NOTE: This is the sequel to “The 12 Chairs,” which was one of the best-received books we had read. From Amazon: Ostap Bender, the "grand strategist," is a con man on the make in the Soviet Union during the New Economic Policy (NEP) period. He's obsessed with getting one last big score—a few hundred thousand will do—and heading for Rio de Janeiro, where there are "a million and a half people, all of them wearing white pants, without exception." When Bender hears the story of Alexandr Koreiko, an "undercover millionaire"—no Soviet citizen was allowed to openly hoard so much capital—the chase is on. Koreiko has made his millions by taking advantage of the wide-spread corruption and utter chaos of the NEP, all while serving quietly as an accountant at a government office and living on 46 rubles a month. He's just waiting for the Soviet regime to collapse so he can make use of his stash, which he keeps hidden away in a suitcase.
- Read “The Life of a Useless Man” by Maxim Gorky
From Goodreads: This book was begun by Maxim Gorky in 1907, less than two years after the unsuccessful armed rebellion on Bloody Sunday, with which he had been closely involved. Frail, battered and orphaned, Yevsey Kimkov creeps through the undergrowth of life; his intelligence remains observant, but his will is cowed, and his is easily coerced into spying for the military in support of the Tsar. He makes some friends who are capable of defying oppression, and his heart responds to them - but it is this association which is going to brink him to the terrible crisis of his life, which coincides with the insurrection and its suppression.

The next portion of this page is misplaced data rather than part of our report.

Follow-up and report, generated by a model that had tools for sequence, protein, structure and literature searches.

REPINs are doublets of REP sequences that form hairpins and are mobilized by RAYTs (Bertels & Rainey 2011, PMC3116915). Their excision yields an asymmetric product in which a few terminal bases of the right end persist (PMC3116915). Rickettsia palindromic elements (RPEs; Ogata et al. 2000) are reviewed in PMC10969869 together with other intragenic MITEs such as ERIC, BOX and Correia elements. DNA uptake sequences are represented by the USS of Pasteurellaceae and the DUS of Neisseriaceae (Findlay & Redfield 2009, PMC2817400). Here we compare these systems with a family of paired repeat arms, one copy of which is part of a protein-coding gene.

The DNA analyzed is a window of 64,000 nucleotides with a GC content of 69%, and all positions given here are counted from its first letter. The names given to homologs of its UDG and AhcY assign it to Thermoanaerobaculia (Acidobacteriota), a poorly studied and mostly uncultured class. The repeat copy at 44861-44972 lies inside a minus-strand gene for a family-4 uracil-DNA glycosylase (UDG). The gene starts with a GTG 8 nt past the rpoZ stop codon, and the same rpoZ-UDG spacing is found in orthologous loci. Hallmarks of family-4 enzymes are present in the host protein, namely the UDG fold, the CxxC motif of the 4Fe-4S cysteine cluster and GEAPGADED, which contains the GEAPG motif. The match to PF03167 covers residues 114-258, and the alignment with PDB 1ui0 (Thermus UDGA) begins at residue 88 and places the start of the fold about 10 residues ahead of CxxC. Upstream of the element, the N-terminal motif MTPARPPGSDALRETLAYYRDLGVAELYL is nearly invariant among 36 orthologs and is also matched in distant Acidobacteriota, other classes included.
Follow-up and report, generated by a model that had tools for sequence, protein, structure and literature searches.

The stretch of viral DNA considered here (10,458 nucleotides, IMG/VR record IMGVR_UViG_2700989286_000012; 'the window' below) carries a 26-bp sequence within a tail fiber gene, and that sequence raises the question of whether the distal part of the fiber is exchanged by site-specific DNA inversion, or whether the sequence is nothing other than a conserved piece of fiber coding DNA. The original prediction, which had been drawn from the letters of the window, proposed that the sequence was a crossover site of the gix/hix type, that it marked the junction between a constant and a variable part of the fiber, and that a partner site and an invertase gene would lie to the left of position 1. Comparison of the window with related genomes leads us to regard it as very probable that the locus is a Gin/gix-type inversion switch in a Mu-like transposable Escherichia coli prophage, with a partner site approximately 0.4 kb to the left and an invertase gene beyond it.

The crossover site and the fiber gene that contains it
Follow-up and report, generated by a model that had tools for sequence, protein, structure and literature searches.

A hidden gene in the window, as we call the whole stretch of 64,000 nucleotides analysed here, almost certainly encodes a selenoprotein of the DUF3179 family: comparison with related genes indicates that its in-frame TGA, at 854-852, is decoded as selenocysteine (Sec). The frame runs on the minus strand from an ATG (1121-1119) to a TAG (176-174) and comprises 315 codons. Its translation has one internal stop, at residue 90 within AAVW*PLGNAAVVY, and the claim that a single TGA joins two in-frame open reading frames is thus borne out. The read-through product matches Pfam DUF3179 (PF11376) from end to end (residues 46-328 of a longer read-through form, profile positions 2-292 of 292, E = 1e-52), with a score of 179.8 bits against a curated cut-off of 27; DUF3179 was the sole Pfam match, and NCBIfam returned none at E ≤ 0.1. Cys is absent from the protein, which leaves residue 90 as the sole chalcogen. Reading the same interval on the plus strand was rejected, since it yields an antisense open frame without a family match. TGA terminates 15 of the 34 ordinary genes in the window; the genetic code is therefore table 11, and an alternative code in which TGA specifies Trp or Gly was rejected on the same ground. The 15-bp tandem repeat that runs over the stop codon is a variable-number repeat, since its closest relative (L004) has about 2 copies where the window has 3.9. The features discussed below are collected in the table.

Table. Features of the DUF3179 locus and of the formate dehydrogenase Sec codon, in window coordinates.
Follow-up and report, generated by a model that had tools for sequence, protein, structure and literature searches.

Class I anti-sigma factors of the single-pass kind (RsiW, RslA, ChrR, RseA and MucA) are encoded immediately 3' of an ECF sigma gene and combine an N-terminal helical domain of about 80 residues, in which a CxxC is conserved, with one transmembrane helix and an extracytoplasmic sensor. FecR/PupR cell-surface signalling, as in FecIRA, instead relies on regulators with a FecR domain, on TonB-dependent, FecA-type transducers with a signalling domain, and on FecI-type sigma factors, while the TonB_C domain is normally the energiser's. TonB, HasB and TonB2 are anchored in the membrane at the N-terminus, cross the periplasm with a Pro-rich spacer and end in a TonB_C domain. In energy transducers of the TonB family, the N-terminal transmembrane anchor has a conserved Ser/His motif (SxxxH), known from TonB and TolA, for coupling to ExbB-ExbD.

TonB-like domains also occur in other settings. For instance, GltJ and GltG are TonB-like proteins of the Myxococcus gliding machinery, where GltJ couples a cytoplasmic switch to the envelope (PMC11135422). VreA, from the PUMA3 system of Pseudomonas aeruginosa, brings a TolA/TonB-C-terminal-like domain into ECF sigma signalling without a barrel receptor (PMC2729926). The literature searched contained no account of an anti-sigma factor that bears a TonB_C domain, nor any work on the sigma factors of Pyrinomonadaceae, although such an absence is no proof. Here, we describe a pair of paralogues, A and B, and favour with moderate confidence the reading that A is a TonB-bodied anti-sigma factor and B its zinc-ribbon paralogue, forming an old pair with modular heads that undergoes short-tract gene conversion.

- Read “Definitely Maybe” by Boris and Arkady Strugatsky
NOTE: This is earlier in the month than usual so we don’t bump up against the holidays, but the book is pretty short. Boris and Arkady Strugatsky were the greatest science fiction writers of the Soviet era: their books were intellectually provocative and riotously funny, full of boldly imagined scenarios and veiled—but clear—social criticism. Which may be why Definitely Maybe has never before been available in an uncensored edition, let alone in English. It tells the story of astrophysicist Dmitri Malianov, who has sent his wife and son off to her mother’s house in Odessa so that he can work, free from distractions, on the project he’s sure will win him the Nobel Prize. But he’d have an easier time making progress if he wasn’t being interrupted all the time: First, it’s the unexpected delivery of a crate of vodka and caviar. Then a beautiful young woman in an unnervingly short skirt shows up at his door. Then several of his friends—also scientists—drop by, saying they all felt they were on the verge of a major discovery when they got . . . distracted . . . Is there an ominous force that doesn’t want knowledge to progress? Or could it be something more . . . natural? In this nail-bitingly suspenseful book, the Strugatsky brothers bravely and brilliantly question authority: an authority that starts with crates of vodka, but has lightning bolts in store for humans who refuse to be cowed.